As someone currently involved in an Illinois divorce, or someone considering filing for an Illinois divorce, you may be wondering whether you will be able to reasonably support yourself in the absence of your spouse. More specifically, you may be wondering whether you will qualify for spousal maintenance in the aftermath of your divorce, or whether you might have other options available to you. At the Law Office of Kerley & Associates, we have a comprehensive understanding of how Illinois determines spousal maintenance, and we have helped many clients making their way through divorces navigate these and similar issues.
According to the Illinois State Bar Association, if you and your spouse’s combined gross income is less than $250,000 annually, the state will typically use a set formula to determine whether you will get spousal maintenance, and if so, how much. In more specific terms, the state will typically award you 30 percent of your spouse’s gross income minus 20 percent of your own gross income, not to exceed 40 percent of your combined gross income.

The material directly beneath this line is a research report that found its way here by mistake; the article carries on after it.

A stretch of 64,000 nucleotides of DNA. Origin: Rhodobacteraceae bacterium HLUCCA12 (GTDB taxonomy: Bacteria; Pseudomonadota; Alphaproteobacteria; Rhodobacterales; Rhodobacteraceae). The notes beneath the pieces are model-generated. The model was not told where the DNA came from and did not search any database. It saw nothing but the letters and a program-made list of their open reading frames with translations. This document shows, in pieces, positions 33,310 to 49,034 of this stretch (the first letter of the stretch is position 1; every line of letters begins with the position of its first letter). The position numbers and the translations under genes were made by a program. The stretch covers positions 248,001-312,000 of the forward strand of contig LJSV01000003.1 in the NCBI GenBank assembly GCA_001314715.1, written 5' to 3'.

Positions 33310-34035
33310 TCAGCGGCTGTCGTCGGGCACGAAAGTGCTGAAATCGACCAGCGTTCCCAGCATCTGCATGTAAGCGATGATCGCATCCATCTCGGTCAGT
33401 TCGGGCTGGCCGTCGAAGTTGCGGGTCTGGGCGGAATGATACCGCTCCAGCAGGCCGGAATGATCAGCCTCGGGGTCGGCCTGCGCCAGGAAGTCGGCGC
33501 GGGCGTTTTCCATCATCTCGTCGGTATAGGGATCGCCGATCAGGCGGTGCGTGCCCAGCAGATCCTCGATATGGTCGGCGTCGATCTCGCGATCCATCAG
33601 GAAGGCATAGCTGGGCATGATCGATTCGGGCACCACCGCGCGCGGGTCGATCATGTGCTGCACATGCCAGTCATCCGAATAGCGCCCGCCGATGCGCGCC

While this formula will generally determine how much maintenance you can expect to receive, a separate formula will dictate how long you can expect to receive it. The second formula will depend on the length of your marriage. In shorter marriages, such as those that last, say, five years, you can anticipate receiving maintenance for about 20 percent of the length of your marriage. For longer marriages, you may be able to receive maintenance for the entire length of your marriage, or even the remainder of your life.
While every divorce is different, these guidelines should give you at least some idea of what you can expect to receive in terms of spousal maintenance, post-divorce. You can find more on this topic by exploring our webpage.